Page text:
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F*$% This!

By: Violette Low

I have been observing my surroundings for the past few weeks regarding the speech patterns of
people around me and how one carry a conversation with those around them. I noticed that
some were proudly foul-mouthed, while some were adamantly against swearing. When asked
what their opinions on the topic were, they replied:

I think its cool to swear and its also cool to not swear. I dont see any wrong with either
choice, said Claire Low, final year undergraduate student.

Vincent Lim, a high school student agreed and he continued saying, Swearing is fine as long as
you do it moderately and mindfully.

I perceive that individuals who use profanities are kind of rude. They should be a bit more
creative with their language choice. rebutted Kate Chin, a 2nd-year college student.

So it seems that the issue of swearing evidentially evokes mixed reactions. Different
personalities seem to have distinct takes on it. For some, cursing is an emotive reaction. One
might curse to convey certain emotions such as glee, disappointment or frustration. Some also
agree that they cuss as a cathartic release and that they usually use such strong language in the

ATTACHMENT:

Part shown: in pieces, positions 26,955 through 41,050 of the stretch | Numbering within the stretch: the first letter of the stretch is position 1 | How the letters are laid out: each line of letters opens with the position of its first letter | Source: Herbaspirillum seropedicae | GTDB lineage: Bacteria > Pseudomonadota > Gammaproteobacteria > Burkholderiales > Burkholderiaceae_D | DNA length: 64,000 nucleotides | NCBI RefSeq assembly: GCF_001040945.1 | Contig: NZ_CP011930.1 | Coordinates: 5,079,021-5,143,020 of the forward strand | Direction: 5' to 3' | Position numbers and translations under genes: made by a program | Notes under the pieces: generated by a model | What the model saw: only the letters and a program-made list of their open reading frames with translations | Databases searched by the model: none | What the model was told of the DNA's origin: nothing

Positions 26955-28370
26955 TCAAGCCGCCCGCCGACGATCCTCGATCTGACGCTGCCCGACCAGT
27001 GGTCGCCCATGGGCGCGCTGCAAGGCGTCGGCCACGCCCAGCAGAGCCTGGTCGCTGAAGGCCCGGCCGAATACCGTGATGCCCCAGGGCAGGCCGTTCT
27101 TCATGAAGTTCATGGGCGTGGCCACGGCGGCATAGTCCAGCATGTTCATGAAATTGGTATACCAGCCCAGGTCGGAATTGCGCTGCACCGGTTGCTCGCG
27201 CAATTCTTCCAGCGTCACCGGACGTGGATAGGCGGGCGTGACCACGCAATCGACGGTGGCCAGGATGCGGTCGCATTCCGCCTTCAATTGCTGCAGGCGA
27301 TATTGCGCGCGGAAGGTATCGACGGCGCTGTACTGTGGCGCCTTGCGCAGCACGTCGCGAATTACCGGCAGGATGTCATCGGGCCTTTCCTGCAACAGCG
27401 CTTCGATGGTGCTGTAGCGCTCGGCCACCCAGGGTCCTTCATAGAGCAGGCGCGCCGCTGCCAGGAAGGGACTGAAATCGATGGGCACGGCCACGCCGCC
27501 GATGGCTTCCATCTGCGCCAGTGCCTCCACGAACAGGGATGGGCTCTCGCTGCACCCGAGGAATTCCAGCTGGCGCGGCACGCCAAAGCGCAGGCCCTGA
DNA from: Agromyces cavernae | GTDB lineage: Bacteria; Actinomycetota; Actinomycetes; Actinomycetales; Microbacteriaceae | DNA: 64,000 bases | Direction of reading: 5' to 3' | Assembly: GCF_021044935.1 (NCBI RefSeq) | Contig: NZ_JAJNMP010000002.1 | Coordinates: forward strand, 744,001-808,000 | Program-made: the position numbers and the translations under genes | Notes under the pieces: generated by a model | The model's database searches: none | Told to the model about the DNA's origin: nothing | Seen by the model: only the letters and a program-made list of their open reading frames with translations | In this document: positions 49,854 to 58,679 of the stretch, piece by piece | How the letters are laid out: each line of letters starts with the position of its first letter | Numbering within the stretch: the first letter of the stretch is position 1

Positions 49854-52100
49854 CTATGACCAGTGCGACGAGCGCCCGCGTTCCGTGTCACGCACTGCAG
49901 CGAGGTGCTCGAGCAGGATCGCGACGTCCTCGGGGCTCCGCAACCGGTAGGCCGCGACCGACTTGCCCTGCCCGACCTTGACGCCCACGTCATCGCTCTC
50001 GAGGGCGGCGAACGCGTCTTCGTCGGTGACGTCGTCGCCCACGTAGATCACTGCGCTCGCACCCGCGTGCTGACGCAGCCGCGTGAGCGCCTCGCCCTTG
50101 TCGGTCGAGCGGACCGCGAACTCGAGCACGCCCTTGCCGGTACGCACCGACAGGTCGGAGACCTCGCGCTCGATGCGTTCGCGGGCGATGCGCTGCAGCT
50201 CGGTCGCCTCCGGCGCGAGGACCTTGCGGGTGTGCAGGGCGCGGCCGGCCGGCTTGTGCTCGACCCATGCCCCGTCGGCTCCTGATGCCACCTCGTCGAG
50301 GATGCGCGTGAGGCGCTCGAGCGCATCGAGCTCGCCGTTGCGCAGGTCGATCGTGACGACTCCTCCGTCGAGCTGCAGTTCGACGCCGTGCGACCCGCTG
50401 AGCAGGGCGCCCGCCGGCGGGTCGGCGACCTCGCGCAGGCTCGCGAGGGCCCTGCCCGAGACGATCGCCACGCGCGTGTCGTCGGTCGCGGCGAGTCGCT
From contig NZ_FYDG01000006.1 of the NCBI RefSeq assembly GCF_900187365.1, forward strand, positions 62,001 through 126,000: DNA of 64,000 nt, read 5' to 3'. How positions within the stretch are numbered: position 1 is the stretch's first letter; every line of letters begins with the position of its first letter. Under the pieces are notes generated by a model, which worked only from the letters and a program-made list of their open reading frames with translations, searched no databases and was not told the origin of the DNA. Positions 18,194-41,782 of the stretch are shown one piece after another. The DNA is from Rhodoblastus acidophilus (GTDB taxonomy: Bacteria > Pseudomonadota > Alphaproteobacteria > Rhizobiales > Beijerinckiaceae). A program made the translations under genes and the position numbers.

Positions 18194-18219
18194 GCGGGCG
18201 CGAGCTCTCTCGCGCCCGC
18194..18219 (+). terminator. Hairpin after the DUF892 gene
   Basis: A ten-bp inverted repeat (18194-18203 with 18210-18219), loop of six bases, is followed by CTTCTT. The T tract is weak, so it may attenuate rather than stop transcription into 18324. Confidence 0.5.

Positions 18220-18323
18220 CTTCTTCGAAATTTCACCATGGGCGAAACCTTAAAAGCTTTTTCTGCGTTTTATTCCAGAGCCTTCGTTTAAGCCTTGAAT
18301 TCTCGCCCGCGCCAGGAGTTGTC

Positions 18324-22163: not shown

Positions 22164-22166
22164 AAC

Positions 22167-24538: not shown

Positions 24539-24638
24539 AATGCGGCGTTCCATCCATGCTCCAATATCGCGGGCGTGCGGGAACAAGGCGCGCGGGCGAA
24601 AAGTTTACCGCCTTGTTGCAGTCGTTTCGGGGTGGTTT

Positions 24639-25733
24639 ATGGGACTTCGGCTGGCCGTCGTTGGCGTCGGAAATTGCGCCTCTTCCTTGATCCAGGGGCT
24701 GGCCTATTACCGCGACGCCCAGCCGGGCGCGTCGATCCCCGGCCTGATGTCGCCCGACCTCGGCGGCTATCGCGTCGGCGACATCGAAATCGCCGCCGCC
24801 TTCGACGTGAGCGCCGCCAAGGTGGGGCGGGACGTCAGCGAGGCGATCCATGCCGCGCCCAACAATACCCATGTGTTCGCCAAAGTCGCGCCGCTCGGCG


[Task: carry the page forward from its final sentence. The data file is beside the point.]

heat of the moment. Nothing like a cry of God f*cking damn it after finding out you have
embarrassingly tripped while walking, am I right?

On the other hand, some regard profanes as vulgar, intolerable and blandly offensive. There
are many ways to express our anger and dissatisfaction, we can find more effective and
educated ways to convey such emotions. Therefore, I find it unnecessary for one to swear, said
Adelina Adla, a senior professional educator of 22 years. With so many conflicting opinions on
the use of indecent words in daily conversations, a question still remains - is swearing really
that bad?

In a recent 2016 survey of 1,542 American workers by Wrike (a project management software
company), it was concluded that 57% of respondents admit to swearing in the workplace.
However, a research conducted by the University of East Anglia deduced that the use of curse
words in an organization is said to be quite effective when it comes to boosting group solidarity
and serves also as a stress relief mechanism to employees.

Besides, according to author Michael Adams, he noted that "Swearing has many useful social
functions including bring[ing] us together. Theres an intimacy to cursing, precisely because
you know that youre not supposed to do it.", in his newest 2016 book In Praise of Profanity.
Since some associate people who swear as more honest and transparent, they believe that
cursing openly is a natural step in making deep and meaningful human connections. This is
because, naturally when you feel a bond with someone, minding your language would be in the
back of your head when having a casual conversation.

Then again, words are sharper than swords, what more those offensive ones? There is still a
rather prominent negative social perception held by the public on how swearing in a social